Gregg Allman, whose soulful vocals made the Allman Brothers Band one of rock’s top acts in the 1970s in a career that also was marred by tragedy and drug abuse, died on Saturday at the age of 69, his official website said.
“It is with deep sadness that we announce that Gregg Allman, a founding member of The Allman Brothers Band, passed away peacefully at his home in Savannah, Georgia,” it said.
Drummer Butch Trucks, another founding member of the band, died aged 60 on Jan. 24.
The Allman Brothers Band was started in Macon, Georgia, in the late 1960s by Gregg and older brother Duane, who became the band’s guiding force and one of rock’s most revered guitarists before he was killed in a motorcycle accident at age 24. In its heyday, the band was a staple on radio stations and released albums ranked among the best in rock history.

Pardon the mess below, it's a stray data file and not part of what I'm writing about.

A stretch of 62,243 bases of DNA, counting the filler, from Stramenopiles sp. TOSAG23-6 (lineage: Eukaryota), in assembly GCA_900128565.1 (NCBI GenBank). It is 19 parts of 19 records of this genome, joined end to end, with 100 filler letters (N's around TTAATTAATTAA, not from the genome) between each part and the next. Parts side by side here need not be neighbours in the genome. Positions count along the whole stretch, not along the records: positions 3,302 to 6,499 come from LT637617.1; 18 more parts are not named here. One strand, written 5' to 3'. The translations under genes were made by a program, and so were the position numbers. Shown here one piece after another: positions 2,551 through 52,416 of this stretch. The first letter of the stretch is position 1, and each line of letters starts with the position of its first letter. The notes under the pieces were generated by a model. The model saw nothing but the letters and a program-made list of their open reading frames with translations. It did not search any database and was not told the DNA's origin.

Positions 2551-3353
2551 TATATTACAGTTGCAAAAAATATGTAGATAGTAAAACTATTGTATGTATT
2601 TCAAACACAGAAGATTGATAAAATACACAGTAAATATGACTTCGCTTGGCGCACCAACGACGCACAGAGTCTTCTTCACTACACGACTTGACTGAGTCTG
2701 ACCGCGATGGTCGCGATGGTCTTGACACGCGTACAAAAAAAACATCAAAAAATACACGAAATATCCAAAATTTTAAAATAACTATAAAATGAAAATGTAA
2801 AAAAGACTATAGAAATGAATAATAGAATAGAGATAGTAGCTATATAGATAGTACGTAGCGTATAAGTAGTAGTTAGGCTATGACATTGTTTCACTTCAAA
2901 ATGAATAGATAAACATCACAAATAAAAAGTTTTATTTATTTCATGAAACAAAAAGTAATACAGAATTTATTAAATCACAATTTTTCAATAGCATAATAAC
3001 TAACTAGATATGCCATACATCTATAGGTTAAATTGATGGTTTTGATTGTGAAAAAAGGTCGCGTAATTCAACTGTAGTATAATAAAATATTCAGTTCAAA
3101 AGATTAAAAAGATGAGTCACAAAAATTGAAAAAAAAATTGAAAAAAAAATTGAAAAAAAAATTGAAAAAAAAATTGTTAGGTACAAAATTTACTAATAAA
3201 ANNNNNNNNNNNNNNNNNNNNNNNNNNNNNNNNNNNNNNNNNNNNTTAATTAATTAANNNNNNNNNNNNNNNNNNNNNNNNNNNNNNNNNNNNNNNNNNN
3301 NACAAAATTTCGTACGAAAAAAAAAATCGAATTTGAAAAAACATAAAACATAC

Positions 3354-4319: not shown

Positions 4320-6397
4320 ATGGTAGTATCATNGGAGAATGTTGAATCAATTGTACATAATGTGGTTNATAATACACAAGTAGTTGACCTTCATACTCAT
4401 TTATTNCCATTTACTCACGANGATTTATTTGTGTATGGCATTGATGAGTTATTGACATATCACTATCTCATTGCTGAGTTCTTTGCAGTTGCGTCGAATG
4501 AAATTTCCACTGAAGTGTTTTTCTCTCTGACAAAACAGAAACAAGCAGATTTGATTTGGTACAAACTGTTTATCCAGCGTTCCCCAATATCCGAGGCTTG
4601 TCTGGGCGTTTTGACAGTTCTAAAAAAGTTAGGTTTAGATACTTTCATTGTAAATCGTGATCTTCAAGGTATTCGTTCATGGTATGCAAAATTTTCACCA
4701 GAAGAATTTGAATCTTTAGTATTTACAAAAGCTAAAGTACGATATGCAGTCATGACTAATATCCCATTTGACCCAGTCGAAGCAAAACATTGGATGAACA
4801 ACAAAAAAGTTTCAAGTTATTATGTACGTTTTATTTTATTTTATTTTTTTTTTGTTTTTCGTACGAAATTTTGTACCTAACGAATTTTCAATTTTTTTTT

Gregg was the band’s lead singer, keyboardist and a key songwriter as it put out a string of hits. He wrote several of them – “Whipping Post,” “It’s Not My Cross to Bear,” “Midnight Rider,” “Ain’t Wastin’ Time No More” and “Melissa” – while others were renditions of old blues songs, including “One Way Out” and “Statesboro Blues.”
(Reporting by Bill Trott; Additional reporting by Jon Herskovitz; Editing by James Dalgleish)